If you are just getting started learning about Bitcoin & other cryptocurrencies, you might have heard people discussing Bitcoin paper wallets. But what are Bitcoin paper wallets? How do they work? How can we use them and should we really use paper wallets?
Whether Bitcoin paper wallets are a great way for you to keep your cryptocurrencies secure really depends on a number of variables depending on your own situation. If you’d like to read up on some of the different factors you should consider before deciding how you want to go about holding cryptocurrencies like Bitcoin, you might want to consult the following article ‘Safest Way to Hold Your Crypto’.
What is a Bitcoin paper wallet?
A paper wallet is a cryptocurrency storage method and falls under the category of ‘Cold storage‘. Cold storage refers to the fact that your private key is being held offline, as in, not connected to the internet’.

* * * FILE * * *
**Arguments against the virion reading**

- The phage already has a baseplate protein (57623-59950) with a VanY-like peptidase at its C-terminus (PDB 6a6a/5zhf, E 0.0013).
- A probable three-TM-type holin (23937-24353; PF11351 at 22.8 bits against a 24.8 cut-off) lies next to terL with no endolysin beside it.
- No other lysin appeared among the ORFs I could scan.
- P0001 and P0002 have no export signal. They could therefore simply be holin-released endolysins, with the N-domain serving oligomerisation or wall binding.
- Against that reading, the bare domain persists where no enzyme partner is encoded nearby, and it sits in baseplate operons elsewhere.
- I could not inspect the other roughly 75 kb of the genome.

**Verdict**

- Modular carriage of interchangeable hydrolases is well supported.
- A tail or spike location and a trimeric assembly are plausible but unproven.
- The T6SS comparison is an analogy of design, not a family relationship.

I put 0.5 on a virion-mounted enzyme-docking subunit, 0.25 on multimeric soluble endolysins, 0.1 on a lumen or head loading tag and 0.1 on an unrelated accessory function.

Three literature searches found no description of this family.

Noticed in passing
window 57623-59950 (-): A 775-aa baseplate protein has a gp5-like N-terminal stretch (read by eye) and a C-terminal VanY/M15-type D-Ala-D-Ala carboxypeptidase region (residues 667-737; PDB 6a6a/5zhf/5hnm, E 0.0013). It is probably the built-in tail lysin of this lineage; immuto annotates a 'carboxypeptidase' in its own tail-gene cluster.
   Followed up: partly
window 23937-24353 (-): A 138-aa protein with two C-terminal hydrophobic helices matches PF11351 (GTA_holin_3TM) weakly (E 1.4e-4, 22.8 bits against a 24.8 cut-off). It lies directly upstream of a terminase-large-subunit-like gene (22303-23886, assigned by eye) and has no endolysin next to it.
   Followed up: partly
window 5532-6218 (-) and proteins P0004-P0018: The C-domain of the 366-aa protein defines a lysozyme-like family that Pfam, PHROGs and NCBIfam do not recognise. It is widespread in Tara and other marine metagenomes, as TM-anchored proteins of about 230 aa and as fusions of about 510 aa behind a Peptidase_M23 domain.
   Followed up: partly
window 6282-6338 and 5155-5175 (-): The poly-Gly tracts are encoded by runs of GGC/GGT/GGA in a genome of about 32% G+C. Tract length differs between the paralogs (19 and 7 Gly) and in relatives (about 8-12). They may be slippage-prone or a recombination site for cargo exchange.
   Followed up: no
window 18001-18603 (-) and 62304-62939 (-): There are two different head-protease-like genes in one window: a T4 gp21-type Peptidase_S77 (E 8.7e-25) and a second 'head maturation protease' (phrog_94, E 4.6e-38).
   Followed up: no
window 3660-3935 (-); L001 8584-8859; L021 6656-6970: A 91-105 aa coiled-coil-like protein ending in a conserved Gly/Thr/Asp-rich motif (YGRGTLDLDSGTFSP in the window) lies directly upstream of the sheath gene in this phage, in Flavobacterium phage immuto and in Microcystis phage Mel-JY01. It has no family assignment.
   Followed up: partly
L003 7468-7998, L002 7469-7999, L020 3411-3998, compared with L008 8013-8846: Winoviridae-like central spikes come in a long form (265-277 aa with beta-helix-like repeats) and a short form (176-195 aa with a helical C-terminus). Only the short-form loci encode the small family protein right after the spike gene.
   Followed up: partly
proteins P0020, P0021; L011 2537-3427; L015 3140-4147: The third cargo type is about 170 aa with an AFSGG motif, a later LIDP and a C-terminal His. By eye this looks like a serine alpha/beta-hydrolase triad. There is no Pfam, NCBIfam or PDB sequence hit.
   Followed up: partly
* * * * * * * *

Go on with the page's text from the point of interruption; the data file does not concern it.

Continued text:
Now, let’s take a step back and break this down a little further. In the world of blockchain assets, any cryptocurrency wallet essentially consists of a public address and a private key. The public address can be shared safely and acts as a bank account number. The private key, however, should never be shared as it acts as the ‘key’ to open and access your public address.
In essence, a Bitcoin paper wallet is nothing more than a copy of your Bitcoin public address and private key which is not stored on an electronic device like a computer, mobile phone,…
You can compare a Bitcoin paper wallet with a cash wallet you have in your pocket compared to an online bank account.